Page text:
New breast cancer guidelines seen as unsafe: poll
NEW YORK (Reuters Life!) - More than eight out of 10 women say new guidelines recommending against routine breast cancer screening of women under 50 are "unsafe," according to an opinion poll.
But most of the women also seriously overestimate their risk of developing the disease, researchers from the University of Massachusetts Medical School in Worcester found.
"Indeed, they have been exposed to consistent and high profile media campaigns, endorsed by medicine and a variety of interest groups, that have indoctrinated them into the concepts that mammograms lead to early detection and early detection saves lives," Autumn Davidson and other researchers wrote in the American Journal of Obstetrics and Gynecology.
The controversy over screening mammography flared up in late 2009, when a government-funded group of independent experts decided to change its recommendations.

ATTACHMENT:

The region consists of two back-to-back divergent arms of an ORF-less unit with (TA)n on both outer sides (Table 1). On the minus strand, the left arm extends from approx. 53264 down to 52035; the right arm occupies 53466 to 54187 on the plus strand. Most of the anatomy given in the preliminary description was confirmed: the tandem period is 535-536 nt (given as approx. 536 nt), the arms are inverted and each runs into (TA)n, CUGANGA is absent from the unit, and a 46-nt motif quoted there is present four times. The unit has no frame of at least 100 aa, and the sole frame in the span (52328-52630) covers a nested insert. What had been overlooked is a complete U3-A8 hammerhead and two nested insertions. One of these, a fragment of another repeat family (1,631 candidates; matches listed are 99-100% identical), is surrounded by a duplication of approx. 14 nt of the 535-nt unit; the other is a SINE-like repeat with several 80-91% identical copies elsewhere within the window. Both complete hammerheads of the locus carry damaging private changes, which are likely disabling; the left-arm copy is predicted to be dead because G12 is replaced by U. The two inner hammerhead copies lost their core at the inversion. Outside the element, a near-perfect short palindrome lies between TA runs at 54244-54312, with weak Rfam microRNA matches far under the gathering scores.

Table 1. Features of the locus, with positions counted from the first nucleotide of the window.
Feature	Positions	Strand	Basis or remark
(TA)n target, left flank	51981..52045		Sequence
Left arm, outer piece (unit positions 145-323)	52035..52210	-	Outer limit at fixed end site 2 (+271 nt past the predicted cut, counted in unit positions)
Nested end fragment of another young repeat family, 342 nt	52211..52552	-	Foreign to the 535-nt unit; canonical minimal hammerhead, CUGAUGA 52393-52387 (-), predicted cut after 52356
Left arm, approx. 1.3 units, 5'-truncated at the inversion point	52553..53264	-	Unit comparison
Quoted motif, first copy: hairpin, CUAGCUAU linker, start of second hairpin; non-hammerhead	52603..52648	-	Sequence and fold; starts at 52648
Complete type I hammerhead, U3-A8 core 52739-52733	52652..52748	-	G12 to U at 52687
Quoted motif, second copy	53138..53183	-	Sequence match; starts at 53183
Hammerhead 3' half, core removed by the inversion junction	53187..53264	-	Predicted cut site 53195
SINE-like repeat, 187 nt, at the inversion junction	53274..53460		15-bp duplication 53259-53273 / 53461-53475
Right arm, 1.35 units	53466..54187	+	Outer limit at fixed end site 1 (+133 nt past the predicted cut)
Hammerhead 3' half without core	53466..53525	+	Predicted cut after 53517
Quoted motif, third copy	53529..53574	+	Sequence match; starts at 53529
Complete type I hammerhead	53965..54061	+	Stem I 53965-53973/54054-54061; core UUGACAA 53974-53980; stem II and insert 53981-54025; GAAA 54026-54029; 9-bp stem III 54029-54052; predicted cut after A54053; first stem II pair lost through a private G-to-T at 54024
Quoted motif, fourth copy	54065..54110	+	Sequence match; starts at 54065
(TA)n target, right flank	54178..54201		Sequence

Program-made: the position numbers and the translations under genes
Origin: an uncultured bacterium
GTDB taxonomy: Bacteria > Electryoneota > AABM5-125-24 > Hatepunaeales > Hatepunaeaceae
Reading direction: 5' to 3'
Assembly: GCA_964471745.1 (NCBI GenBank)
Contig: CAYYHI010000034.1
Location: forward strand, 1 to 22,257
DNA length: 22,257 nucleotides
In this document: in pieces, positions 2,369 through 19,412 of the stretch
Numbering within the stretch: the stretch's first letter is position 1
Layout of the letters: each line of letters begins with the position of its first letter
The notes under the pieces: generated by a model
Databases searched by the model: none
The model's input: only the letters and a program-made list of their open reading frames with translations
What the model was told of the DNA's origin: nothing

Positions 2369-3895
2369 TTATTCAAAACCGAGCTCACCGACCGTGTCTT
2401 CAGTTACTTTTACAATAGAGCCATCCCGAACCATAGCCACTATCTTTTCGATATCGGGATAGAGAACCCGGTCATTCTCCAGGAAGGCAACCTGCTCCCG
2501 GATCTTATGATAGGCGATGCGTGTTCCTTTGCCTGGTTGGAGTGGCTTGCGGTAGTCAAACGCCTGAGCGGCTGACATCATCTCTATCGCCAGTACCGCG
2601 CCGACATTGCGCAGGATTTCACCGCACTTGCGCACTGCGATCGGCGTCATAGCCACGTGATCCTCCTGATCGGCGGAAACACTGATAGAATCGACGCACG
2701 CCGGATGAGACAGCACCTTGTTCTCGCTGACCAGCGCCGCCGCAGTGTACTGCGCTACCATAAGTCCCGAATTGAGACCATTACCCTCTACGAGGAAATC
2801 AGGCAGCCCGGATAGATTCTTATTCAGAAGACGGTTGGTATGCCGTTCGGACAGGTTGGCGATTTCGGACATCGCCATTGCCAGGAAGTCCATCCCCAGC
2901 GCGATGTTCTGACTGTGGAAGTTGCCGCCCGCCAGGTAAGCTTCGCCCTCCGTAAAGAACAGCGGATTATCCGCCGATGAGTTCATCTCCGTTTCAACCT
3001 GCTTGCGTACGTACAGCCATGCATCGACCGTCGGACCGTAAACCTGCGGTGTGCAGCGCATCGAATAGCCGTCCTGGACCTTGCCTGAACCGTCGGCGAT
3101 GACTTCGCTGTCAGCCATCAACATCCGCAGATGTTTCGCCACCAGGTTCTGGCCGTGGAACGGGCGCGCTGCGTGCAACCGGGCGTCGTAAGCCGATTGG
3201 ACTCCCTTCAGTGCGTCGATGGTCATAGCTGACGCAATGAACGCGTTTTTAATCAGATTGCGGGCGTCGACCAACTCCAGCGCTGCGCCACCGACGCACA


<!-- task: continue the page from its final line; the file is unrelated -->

Instead of advising annual mammograms in all women age 40 and above, the U.S. Preventive Services Task Force (USPSTF) said women shouldn't routinely get screened until they hit 50, and those between 50 and 74 should only have mammograms every two years.
What the group didn't say, though, is that no women under 50 should be screened -- it left that up to the individual woman and her doctor to decide, based on her personal risk factors and preferences.
But the USPSTF recommendations flew in the face of many years of aggressive PR campaigns, and met staunch resistance from advocacy groups, news organizations and medical groups.
To find out what women themselves thought, Davidson and her colleagues gave questionnaires to 247 women in their 40s who came to the hospital for an annual well-woman exam.
More than eight out of 10 of the women said they wanted yearly mammograms, felt the new guidelines were unsafe, and wouldn't delay screening until they were 50. Continued...